Instead of returning to the bargaining table with an offer that would address underlying concerns at the Bradford West Gwillimbury Public Library, the town on Friday chose to pursue a lengthy legal proceeding that will not resolve the issues, says CUPE 905, which represents library workers.
“The Mayor and Council will do anything to avoid giving these workers a fair raise,” said Katherine Grzejszczak, president of CUPE 905. “If they truly wanted the library open, they could easily end this strike today. But instead of providing fair wages, they’re spending yet more library funding on a lengthy legal fight.”
The Town’s application to the Ontario Labour Relations Board will take up to 30 business days to get a decision – time and money that could be better spent at the bargaining table to ensure the library is open before school starts, said Grzejszczak.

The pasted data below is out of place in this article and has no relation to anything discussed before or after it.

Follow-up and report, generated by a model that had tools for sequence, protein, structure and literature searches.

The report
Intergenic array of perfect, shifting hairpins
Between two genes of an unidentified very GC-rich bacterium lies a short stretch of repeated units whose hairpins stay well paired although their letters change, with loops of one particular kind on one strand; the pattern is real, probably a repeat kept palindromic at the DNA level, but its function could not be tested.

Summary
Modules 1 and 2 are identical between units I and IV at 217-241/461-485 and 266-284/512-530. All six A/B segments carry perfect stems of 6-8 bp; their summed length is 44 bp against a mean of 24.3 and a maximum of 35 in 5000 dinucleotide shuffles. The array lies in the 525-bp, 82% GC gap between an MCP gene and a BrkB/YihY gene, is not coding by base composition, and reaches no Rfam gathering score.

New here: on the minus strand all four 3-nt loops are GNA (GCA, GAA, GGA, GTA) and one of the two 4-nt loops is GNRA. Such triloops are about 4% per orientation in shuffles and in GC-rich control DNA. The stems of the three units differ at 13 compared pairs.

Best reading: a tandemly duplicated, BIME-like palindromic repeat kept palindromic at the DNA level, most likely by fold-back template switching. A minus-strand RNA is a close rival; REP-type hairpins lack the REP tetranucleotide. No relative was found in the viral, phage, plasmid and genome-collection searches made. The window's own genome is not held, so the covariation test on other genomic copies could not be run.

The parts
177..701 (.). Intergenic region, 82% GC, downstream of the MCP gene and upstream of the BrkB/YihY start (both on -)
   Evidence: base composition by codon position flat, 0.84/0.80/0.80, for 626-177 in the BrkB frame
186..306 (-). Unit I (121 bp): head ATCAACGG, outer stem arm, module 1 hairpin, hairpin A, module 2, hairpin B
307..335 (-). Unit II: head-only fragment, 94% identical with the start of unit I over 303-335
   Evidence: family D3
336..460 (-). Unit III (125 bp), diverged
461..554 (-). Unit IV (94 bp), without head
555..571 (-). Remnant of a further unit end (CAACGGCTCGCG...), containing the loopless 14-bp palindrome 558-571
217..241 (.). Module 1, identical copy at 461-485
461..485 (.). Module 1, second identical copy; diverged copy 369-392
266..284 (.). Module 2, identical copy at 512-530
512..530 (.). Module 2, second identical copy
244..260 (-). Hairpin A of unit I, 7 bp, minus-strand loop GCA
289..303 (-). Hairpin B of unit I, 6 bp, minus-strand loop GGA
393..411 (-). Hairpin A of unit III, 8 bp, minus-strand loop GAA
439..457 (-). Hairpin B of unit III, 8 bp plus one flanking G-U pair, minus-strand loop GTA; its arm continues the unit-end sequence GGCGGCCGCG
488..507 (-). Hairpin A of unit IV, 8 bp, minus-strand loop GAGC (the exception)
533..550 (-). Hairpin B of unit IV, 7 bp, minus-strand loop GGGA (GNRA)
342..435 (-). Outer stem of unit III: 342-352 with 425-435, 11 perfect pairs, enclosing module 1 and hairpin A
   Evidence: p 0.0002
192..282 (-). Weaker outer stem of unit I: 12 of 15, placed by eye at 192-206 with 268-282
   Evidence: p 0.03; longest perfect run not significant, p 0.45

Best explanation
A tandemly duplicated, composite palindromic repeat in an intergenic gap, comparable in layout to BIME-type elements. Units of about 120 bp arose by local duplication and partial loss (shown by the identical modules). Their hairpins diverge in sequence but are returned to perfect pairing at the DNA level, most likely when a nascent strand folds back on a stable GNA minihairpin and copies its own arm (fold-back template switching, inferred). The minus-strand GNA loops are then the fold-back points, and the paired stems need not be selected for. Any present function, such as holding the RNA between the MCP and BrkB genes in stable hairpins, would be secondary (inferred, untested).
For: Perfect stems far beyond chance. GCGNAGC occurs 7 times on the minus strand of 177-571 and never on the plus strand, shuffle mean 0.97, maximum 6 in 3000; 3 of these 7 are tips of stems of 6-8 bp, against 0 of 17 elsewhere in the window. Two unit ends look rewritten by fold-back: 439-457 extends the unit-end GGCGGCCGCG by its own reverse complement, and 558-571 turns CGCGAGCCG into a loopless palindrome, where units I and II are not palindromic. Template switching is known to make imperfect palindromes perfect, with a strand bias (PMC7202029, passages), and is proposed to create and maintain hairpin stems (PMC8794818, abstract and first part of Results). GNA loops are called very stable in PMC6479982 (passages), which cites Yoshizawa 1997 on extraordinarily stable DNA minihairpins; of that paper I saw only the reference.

Workers at the Bradford West Gwillimbury Public Library voted overwhelmingly to join CUPE in September 2021. They have been on strike since negotiations ended on July 21, 2023. Half of the Library staff have left in the past two years due to poor working conditions.
The main outstanding issue is wages, with library workers asking for a $1.35/hr increase in each of the last two years of their contract, after already agreeing to a 2% for 2022. Negotiations resumed briefly in August, ending when the town rejected CUPE’s offer.
“The best way to resolve disputes is through free collective bargaining, and CUPE remains committed to that process,” said Grzejszczak. “We need solutions that address the long-standing issue of respect for workers during record high inflation, not arbitration that would force a deal without meaningful resolution to the problems that exist at the Library.”
CUPE remains ready to return to the table and has already withdrawn many proposals in an effort to reach an agreement – a degree of movement that has not been matched by the town, Grzejszczak notes.